Developing An Effective Security Program
This post comes off the back of a series of tweets I made one morning, I decided that after a long thread it was probably better to combine into one post. So here it is folks.
If you want to deploy a proper security program there are some key basics that need to be achieved, I am continually surprised how many businesses don't have a hold on the basics. If you want to jump to specific bits check out the table of contents below:
1. Asset Inventory
Having an effective up to date asset inventory is key with all of the OSes, patch status, any hardware and who has control over the asset. This is key from both an operating standpoint and risk management. It is important to maintain an up to date asset register of all your software and hardware inventories to ensure only authorised hardware and software are being used across your business. Ideally the inventory should capture the physical location, business owner and purpose of hardware together with the version and patch status of all software which feeds nicely into the next section of patch management. Tools can be used to help identify unauthorised hardware or software, these should integrate into a wider detection and response plan as described lower down.
2. Patch Management
Keeping systems up to date in line with a reasonable time frame, with a documented process is key to success. With critical systems being kept updated on at least a fortnightly basis is a good standard to follow. Additional wins are having a test environment for pre-production. It is important to play-test any major patches to systems in a non-live environment first before rolling out to the wider organisation.
Staff awareness to the threats and risks of day to day business, not just from a phishing and social engineering perspective but allowing users to adapt to their own risk model will make your business more robust with more naturally aware users
4. Detection and Response
Having an effective blue team is important, following various secure design practices and keeping logging centralized, having hosts configured and managed enabling your blue team to work smarter.
5. Perimeter Defense
As it is just as important to have a secure network, employing a layered security approach is also key rather than an armadillo. Ensure there are no glaringly obvious holes in your perimeter. Factoring this in will enable better detection and response.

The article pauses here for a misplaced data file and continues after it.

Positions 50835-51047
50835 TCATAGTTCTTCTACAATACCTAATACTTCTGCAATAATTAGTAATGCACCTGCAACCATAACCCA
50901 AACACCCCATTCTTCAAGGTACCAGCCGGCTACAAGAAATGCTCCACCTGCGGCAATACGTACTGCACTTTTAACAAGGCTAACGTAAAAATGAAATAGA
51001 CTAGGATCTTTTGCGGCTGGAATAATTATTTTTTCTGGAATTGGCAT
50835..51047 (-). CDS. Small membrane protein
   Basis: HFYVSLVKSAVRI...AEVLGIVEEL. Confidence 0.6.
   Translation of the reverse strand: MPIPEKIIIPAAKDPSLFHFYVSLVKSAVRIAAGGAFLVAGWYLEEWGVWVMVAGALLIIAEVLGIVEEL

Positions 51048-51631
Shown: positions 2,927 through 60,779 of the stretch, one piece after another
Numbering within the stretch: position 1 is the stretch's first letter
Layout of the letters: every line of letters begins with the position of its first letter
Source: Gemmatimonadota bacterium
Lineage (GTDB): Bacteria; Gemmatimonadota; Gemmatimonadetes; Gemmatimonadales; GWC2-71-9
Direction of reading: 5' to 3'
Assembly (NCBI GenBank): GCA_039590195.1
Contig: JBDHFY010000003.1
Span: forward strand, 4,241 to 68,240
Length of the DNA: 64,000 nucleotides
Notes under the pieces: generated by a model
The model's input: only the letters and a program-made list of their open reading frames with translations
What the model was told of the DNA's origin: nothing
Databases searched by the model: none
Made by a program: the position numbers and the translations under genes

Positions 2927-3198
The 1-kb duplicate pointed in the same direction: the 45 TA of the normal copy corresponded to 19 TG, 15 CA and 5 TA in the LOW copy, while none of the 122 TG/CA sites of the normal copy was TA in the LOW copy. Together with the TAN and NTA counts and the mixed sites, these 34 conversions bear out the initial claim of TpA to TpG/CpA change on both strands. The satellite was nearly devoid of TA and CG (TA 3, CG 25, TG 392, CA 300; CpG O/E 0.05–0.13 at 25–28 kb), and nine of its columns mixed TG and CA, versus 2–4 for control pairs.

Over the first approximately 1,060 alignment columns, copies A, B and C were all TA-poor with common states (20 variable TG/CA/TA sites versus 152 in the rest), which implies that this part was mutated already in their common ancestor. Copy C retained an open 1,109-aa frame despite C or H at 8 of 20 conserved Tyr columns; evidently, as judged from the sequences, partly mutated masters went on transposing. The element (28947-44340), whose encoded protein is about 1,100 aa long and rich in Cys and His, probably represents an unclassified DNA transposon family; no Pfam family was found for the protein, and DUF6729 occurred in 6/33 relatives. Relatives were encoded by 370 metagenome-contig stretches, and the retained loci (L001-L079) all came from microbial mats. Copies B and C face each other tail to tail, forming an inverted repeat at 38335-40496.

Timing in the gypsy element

6. Vulnerability Assessment and Scanning
Once you've got the basics nailed it's time to adopt vulnerability scanning and assessments, doing so will allow you to pick up quick wins and continually monitor your environment. If aligning to an effective patch management program vulnerabilities should be minimal.
7. Mitigation Planning
Next up after vulnerability assessments, align your mitigation plan to fix those that pose the most inherent risk to the business. Note any regulatory and compliance requirements in line with fixes, don't just depend on the tick box though please! 8/n
8. Penetration Testing & Objective based testing
Once you've fixed as much as you can do, move onto penetration testing all of your things looking for a weight towards manual testing and objective based testing, play test your secure design principles, does your policy align to tech. Look into penetration testing both your applications and your infrastructure but it is equally important to review your configurations and deployments from an open perspective, testing through each deployment from a white, grey and black box perspective.
9. Continuous testing and policy integration.
Following up to pentesting, it is just as important to continually review what policies are in place, how they align to technical controls and how they play out when stuff breaks. It is equally important to integrate objective based testing into manual penetration testing, do you have crown jewels on your network that you think you've secured? How about having those presumptions play-tested?
10. Red Teaming
Once you've assumed the position of fixing glaringly obvious holes in your process and tech, next up is red teaming looking at testing every facet of your security program with a focus on evading detection by your blue team and testing triage.
Typically having certain scenarios whereby your organisation is tested from different angles, incorporating aspects of social engineering, physical security, operational security are all important to consider alongside that disaster recovery plan you came up with once?
Yeah get that tested too, security is important but having a wider operational information technology program is equally important. How do you fair against your systems getting attacked from all angles by differing levels of capable attackers, do your processes align?
11. Blue Teaming
While we're on the topic of red/blue testing, it is equally important as you test things, to keep your blue team up to date, look into a tiered approach to how you do defense. Have you got a threat hunting team as well as your levels of security operations, is it in-house?
12. Purple Teaming
Red and blue make purple, ensure you're mediating your two teams effectively by integrating a purple team program to tune your defense and improve the business as much as you can till you're ready for the final form of end to end adversary testing and simulation for best results!
And thus, following the path above you'll be on your way to building out an effective security program with multi facets and angles on improving things. DMs are open if you've got questions or queries. Also feel free to reply!